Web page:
Bloody Diarrhea and Dehydration In a 5-Month Old
Radiology Cases in Pediatric Emergency Medicine
Volume 6, Case 14
Loren G. Yamamoto, MD, MPH
Kapiolani Medical Center For Women And Children
University of Hawaii John A. Burns School of Medicine
     This is a 5-month old male who presented to an 
emergency department with emesis.  He was assessed 
as having gastroenteritis with some mild dehydration.  
He was given IV fluids and discharged from the ED on 
oral hydration after he was noted to improve clinically.  
Two days later, he developed diarrhea which persisted 
for the next two days and today he was noted to have 
some bloody streaks in the diarrhea.  This prompted his 
parents to take him to an acute care clinic.  He was 
noted to be moderately dehydrated and lethargic, but 
he did not appear to have an acute abdomen.  Some 
laboratory studies were drawn, IV fluids were started 
and an abdominal series was ordered.

View abdominal series flat and upright views.

     Transfer to a children's hospital was arranged and 
he was noted to improve clinically just before he was 
transferred.  Upon arrival at the children's hospital, the 
following examination is noted.
     Exam:  T37.3 (rectal), P122, R26, BP 100/63, 
oxygen saturation 100% in room air.  He is alert and 
active in no acute distress.  He is not toxic and not 
irritable.  His anterior fontanelle is soft and flat and his 
neck is supple.  His eyes are not sunken and his oral 
mucosa is moist.  Neck supple.  Heart regular without 
murmurs.  Lungs clear.  Abdomen soft, flat, non-tender 
with active bowel sounds.  No organomegaly or masses 
are noted.  There are no hernias and his genitalia are 
normal.  His skin turgor, color and perfusion are good.  
He moves his extremities well.  His strength and tone 
are good.  His facial function is good.
     Laboratory studies from the acute care clinic are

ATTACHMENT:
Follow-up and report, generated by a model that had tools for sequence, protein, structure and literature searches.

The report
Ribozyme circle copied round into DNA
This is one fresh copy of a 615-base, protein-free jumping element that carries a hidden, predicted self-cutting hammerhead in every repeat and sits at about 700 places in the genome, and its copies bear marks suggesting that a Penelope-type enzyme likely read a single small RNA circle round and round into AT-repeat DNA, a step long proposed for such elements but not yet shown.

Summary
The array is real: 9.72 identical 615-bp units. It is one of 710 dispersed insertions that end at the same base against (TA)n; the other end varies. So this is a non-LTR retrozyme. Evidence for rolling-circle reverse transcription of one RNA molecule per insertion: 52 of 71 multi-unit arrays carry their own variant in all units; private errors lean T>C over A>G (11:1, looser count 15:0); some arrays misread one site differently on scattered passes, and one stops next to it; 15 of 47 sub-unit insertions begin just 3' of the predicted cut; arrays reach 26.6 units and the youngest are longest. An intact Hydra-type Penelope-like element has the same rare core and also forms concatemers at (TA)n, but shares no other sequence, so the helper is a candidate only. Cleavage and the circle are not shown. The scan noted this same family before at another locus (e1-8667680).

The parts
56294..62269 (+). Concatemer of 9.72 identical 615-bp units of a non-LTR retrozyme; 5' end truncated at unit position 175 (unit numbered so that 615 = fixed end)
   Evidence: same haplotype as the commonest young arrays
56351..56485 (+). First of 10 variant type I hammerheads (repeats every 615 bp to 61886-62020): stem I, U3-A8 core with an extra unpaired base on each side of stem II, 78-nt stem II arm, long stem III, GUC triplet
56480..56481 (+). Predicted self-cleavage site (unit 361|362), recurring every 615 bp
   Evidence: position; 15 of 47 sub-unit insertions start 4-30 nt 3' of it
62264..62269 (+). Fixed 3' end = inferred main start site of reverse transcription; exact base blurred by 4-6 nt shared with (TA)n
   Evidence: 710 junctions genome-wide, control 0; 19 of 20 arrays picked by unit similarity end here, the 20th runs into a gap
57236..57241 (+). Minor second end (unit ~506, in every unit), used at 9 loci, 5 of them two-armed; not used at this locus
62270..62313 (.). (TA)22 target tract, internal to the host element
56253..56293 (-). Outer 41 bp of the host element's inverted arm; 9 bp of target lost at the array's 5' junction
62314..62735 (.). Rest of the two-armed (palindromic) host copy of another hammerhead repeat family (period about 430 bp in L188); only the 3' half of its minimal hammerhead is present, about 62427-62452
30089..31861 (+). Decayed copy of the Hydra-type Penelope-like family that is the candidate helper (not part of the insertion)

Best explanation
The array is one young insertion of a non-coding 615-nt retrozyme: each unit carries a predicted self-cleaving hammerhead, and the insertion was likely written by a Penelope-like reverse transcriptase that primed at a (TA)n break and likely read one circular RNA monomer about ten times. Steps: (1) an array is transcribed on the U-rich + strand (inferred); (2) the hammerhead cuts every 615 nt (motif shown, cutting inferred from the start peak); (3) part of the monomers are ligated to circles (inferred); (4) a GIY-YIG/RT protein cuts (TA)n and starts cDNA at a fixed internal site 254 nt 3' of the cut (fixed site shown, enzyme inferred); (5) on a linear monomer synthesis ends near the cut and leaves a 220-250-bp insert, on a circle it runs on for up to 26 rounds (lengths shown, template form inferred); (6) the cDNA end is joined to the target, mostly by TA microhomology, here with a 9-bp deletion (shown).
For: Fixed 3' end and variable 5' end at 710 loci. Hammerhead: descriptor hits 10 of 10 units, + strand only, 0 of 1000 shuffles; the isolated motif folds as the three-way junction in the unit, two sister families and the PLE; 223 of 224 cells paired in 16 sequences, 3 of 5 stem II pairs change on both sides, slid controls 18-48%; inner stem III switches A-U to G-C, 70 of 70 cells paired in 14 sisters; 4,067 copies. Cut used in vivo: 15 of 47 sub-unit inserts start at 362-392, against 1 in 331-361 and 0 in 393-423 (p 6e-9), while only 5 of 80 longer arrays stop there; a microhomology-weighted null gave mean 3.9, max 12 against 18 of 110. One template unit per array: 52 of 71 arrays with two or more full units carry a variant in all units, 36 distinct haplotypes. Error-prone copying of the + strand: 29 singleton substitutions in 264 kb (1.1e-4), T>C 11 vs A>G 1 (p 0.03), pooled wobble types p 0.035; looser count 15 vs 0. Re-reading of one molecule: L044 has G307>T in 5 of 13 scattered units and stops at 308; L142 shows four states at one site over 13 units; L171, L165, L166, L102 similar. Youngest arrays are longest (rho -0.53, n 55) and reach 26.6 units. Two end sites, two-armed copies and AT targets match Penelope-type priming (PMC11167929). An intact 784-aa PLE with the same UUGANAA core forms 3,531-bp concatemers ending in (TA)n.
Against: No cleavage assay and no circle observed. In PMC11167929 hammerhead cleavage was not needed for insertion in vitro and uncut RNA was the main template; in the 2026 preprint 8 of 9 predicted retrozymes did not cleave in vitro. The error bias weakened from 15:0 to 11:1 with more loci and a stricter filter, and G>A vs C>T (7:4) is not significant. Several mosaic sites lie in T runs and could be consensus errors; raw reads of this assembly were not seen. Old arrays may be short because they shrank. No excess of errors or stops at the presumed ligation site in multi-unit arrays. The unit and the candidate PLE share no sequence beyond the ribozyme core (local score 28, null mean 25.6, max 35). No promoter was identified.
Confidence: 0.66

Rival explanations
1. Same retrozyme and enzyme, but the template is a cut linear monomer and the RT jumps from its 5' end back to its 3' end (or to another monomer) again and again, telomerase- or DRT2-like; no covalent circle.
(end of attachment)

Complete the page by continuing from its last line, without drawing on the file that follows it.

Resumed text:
available for review.  CBC WBC 7,200 35% segs, 51% 
lymphs, 9% monos, 5% eos, Hgb 14, Hct 41, platelet 
count 473,000.  Na 141, K 3.9, Cl 109, Bicarb 13, BUN 
10, Cr 0.4, glucose 80.  Liver function studies are 
     After reviewing the set of abdominal radiographs 
from the acute care clinic, another abdominal series is 

View repeat abdominal films flat and upright views.

     These radiographs show marked pneumatosis 
intestinalis.  There is air dissecting through the wall of 
the rectum, sigmoid and distal colon.  No free air is 
noted.  An abdominal ultrasound is performed which 
shows the presence of microbubbles in the hepatic 
portal venous circulation and increased echogenicity of 
the liver secondary to trapped microbubbles throughout 
the liver.  These findings are indicative of bowel 
pneumatosis with air entering the mesenteric veins 
draining into the portal venous system.
     He is evaluated by a pediatric surgeon who feels 
that he has necrotizing enterocolitis despite his benign 
abdominal examination.  He is admitted to the pediatric 
intensive care unit for observation because of the risk of 
bowel perforation and the development of shock.  
Antibiotics are started.  
     Later in the evening, his abdominal series is 
repeated and the degree of pneumatosis is noticeably 
decreased.  No free air is noted. 
     His clinical course is benign and he recovers nicely.  
Cultures of his blood, urine and stool are all negative.  
So signs of hemolytic uremic syndrome or 
intussusception are present.  He is later restarted on 
feedings and does well.  A follow-up barium enema is 
negative for any bowel strictures.

     Pneumatosis intestinalis is most notably associated 
with necrotizing enterocolitis (NEC) in neonates, a 
serious condition often associated with very ill 
premature neonates.  NEC frequently results in sepsis, 
bowel perforation, bowel gangrene, and bowel 
     Pneumatosis intestinalis in older infants and children 
is uncommon.  It is associated with a variety of 
conditions such as short gut syndrome, pyloric stenosis, 
bowel ischemia, congenital heart disease, 
bronchopulmonary dysplasia, corticosteroid therapy, 
chemotherapy and immunosuppression.  In many 
instances, no etiology other than gastroenteritis can be 
determined.  Pneumatosis intestinalis in older infants 
and children does not carry as high a morbidity as it 
does in premature neonates, but this finding is often 
associated with a surgical abdominal emergency.
     Adults with obstructive pulmonary disease will 
sometimes manifest pneumatosis intestinalis and these 
cases are usually benign.

     Heng Y, Schuffler MD, Haggit RC, Rohrmann CA.  
Pneumatosis intestinalis:  A review.  Am J 
Gastroenterol 1995;90(10):1747-1758.
     West KW, Rescoria FJ, Grosfeld JL, Vane DW.  
Pneumatosis intestinalis in children beyond the 
neonatal period.  J Pediatr Surg 1989;24(8):818-822.

Return to Radiology Cases In Ped Emerg Med Case Selection Page

Return to Univ. Hawaii Dept. Pediatrics Home Page

Web Page Author:
Loren Yamamoto, MD, MPH
Professor of Pediatrics
University of Hawaii John A. Burns School of Medicine